The original Eurostar E1000 satellite was designed for the Inmarsat-2 fleet requirements by an international team led by Matra Marconi Space
and British Aerospace Space Systems
(BAe Dynamics), the former of which would ultimately acquire BAe Dynamics to eventually become Astrium
and eventually merge with Airbus Military
to form the present Airbus Defence and Space. Three-axis stabilized, and designed for a 10-year service life, the Inmarsat-2 had 4 (+2) L-band
transponders and 1 (+1) C-Band
transponders. The satellite featured a launch mass of 1.31 t (2,900 lb), however, the satellite bus was designed to weigh up to 2.5 t (5,500 lb) to accommodate future customer requirements. Subsequently, the spacecraft also came with different payload power options ranging from 1300 W to 3000 W. This degree of customization was the result of a highly modular design that would carry over onto the upgraded variants.
A total of four satellites based on the E1000 bus have been built and launched, all of which were for Inmarsat.
The Eurostar E2000, which debuted with France Telecom
as the launch customer in December 1991, was a larger and more capable upgrade of the E1000. It was developed from a set of requirements by the French Space Agency
(CNES) and the French Ministry of Armed Forces
via the Directorate-General for Armaments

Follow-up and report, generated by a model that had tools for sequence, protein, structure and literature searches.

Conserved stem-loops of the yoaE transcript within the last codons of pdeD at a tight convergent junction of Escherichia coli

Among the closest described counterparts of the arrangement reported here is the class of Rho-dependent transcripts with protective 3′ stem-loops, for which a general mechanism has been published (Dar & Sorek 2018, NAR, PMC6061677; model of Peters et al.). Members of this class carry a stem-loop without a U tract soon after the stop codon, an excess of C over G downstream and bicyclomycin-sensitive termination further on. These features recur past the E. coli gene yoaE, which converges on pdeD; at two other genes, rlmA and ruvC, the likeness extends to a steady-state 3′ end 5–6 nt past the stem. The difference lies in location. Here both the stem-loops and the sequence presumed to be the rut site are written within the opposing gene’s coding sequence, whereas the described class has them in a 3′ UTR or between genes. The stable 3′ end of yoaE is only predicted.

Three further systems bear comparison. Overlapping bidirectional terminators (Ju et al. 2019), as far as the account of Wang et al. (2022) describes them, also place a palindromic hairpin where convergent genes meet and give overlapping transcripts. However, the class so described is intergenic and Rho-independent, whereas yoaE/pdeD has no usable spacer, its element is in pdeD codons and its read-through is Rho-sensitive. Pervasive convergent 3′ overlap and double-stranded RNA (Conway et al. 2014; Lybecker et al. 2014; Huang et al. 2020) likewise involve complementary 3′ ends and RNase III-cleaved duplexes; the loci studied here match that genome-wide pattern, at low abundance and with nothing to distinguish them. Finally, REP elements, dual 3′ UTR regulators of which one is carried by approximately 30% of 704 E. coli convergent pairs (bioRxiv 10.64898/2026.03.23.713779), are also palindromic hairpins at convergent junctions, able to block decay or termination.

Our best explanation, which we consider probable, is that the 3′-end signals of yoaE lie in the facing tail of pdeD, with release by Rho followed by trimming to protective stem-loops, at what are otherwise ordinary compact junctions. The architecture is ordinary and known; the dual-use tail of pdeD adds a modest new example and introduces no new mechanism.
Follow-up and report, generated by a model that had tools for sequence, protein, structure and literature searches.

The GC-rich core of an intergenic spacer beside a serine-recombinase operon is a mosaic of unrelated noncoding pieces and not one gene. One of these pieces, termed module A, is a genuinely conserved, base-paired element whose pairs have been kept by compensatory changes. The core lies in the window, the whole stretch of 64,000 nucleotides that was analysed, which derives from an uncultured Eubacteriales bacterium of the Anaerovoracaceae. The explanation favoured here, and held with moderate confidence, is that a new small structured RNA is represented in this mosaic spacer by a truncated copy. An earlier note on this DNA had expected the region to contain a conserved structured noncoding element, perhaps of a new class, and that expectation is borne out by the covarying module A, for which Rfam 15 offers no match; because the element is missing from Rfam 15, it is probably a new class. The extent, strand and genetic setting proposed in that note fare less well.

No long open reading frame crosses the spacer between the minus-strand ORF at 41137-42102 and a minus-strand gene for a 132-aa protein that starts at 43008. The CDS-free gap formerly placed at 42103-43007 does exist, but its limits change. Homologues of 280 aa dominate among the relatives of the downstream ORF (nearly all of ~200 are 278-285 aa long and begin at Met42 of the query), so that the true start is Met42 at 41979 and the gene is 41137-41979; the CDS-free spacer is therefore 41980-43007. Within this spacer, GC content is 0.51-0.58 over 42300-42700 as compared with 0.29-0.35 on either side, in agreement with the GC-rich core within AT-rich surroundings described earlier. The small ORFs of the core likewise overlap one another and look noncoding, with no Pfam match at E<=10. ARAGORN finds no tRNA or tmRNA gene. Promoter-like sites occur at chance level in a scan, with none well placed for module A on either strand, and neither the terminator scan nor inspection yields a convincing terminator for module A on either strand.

(DGA). The DGA had decided to repartner with CNES in order to add X-Band capabilities to the mission to enable the creation of their Syracuse II military ground-based telecommunications network, and to replace and enhance the role of the Syracuse I systems aboard the aging Telecom-1 fleet. The first of the satellites to be launched would be the Telecom 2A. Each of the four Telecom-2 satellites in the constellation had 10 x C-Band transponders, 14 x Ku-Band transponders and 5 x X-Band transponders. Despite the increase in capabilities, the E2000 bus used for Telecom-2 was only slightly heavier than the E1000, with an on-orbit mass of 1.38 t (3,000 lb) and a dry weight of 700 kilograms (1,500 lb), however, like its predecessor, was also designed to accommodate larger payloads with a total launch mass of up to 2.5 t (5,500 lb), should the customer require it. The E2000’s operational/maneuverability life varied by customer, but ranged from 7 to 10 years. The E2000’s main power comes from two swivelling solar arrays, with later models capable of producing up to 3600W per array, or 6200 W total with an optional array spanning 22 m (72 ft).